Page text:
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  • Biography
    skeptic, geek, mom
  • Location
    Newark, DE
  • Interests
    photography, movies, books, learning
  • Occupation
    deli clerk
  1. @michele, Thanks for giving me somewhere to start! @dkpalaska, I definitely think it will be helpful to get a greater idea of how my daughter's brain works. I have not read much of the autism related literature. My daughter has not yet been officially diagnosed. I have had suspicions for a few years, but our problems up to now haven't been unmanageable. I just want to make sure that I am doing everything I can to maximize her ability to learn. Thanks. :)
  2. If you found a book that helped you teach your autism spectrum child, could you please give me recommendations? My 6 year old is very literal minded and not very socially aware. I know about the social stories books, which I intend to try, but I also need to find something that is also geared to HOW she learns and how best to teach her, particularly with reading comprehension. I am looking for books that contain specific teaching tips. There are so many books on amazon that I found myself overwhelmed to even know where to begin!
  3. Mine is the same way. I had also read that when you have an active child you should let them move and take in whatever they can, but I find that when I give my daughter something to play with or let her sit up, sit down, and go under the table... I just lose her completely. She has no idea what I'm saying and couldn't care less about it. Although, drawing pictures does seem to work somewhat. She has to sit still and concentrate on what she's doing. Anyway, today for science I am putting the books away and we're making an edible model of the earth. :)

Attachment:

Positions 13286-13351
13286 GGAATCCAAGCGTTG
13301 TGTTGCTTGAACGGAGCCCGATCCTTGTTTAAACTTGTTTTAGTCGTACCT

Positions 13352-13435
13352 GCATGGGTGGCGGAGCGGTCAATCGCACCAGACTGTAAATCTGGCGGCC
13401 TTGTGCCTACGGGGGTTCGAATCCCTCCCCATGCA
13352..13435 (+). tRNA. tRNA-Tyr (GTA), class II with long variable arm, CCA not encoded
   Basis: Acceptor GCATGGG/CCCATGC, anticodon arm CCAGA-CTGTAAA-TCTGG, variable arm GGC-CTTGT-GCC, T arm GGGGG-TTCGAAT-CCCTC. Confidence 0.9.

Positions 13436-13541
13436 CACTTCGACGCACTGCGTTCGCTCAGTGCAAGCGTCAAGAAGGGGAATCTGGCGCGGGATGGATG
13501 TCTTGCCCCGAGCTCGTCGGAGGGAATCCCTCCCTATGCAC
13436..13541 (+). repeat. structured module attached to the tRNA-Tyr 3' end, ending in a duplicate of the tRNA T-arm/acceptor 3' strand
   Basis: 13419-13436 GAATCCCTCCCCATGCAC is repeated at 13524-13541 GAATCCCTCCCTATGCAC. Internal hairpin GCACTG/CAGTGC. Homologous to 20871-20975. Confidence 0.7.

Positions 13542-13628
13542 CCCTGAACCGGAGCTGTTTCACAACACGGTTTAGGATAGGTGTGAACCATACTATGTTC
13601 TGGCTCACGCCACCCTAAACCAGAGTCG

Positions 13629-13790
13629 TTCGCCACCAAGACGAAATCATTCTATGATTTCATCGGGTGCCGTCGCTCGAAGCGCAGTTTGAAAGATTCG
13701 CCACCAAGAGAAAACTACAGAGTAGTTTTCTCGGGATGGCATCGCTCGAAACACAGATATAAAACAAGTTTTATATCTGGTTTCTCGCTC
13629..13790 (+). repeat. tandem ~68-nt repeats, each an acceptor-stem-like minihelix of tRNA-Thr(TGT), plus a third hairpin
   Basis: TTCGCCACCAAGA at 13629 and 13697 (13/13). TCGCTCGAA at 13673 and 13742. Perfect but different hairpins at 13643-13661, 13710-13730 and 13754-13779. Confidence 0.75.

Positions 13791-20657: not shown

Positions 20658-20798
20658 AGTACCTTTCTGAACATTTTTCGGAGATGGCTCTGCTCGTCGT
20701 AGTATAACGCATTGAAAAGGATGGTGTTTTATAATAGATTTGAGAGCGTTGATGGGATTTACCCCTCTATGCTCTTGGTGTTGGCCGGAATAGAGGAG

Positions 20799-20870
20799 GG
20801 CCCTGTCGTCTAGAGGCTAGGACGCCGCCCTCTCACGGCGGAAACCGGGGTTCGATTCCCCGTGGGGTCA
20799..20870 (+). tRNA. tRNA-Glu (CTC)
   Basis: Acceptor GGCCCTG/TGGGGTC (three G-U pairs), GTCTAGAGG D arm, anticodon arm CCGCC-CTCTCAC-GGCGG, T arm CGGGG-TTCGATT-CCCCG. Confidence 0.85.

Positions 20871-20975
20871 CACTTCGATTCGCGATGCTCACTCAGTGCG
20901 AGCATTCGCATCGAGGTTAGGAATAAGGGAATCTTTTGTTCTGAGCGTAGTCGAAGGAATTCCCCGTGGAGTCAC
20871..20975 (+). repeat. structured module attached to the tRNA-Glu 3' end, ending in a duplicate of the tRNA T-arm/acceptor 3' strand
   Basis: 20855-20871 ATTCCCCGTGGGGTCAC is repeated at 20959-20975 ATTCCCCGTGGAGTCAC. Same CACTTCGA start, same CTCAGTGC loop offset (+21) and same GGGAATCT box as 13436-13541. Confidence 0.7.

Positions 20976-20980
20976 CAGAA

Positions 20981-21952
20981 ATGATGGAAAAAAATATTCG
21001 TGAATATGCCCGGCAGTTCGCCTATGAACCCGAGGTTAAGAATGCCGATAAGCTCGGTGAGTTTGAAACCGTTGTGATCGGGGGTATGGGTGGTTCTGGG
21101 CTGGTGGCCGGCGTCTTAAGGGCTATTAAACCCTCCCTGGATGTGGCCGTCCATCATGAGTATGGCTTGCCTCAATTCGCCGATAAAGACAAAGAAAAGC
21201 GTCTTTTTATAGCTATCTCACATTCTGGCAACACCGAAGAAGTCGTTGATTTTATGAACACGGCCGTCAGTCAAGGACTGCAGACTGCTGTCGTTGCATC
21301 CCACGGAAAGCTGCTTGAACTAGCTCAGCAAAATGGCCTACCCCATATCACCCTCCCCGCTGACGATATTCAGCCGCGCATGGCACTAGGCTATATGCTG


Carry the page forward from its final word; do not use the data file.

4. Thanks, Cat. I needed to hear that. I think I was too invested in having her GET the information instead of having fun with it and engaging her interest. Thanks for reminding me of my priorities. I'm back to being excited about doing this. :)
  5. Thank you, Sophia & Cat, for the replies. I do have another question though. I had planned on using narration a lot as a way of gauging what she does or doesn't understand. If I'm not using this technique, particularly in science and history... I'm not sure I will know if she's "getting it" if you know what I mean? She does like to draw pictures... but is that enough? lol So, I guess my question is: What sort of output should I be expecting from a child who cannot pay attention? By output I mean... physical representation of what she is learning, like narrations, pictures, etc. Should I just let all that go?
  6. Hi everyone, this is my first post. I've been lurking around for awhile to get an idea of what these forums are like and picking up any information I can. I'm new to homeschooling. I just started homeschooling my 6yo daughter last Monday, so it's all very new to us. My issue is with narration. DD6 has a very short attention span. It takes about 20-60 seconds and she's gone. I can get her back relatively easily, but then she's daydreaming again. Are there any techniques I can use to (1) keep her interested and (2) get her to remember what I read to her? She is a visual learner and today I did try to put more emphasis on making mental pictures and also I cut down narrations to one sentence. It just seems to be very slow going. *sigh* Any ideas or suggestions are welcome! Thanks!
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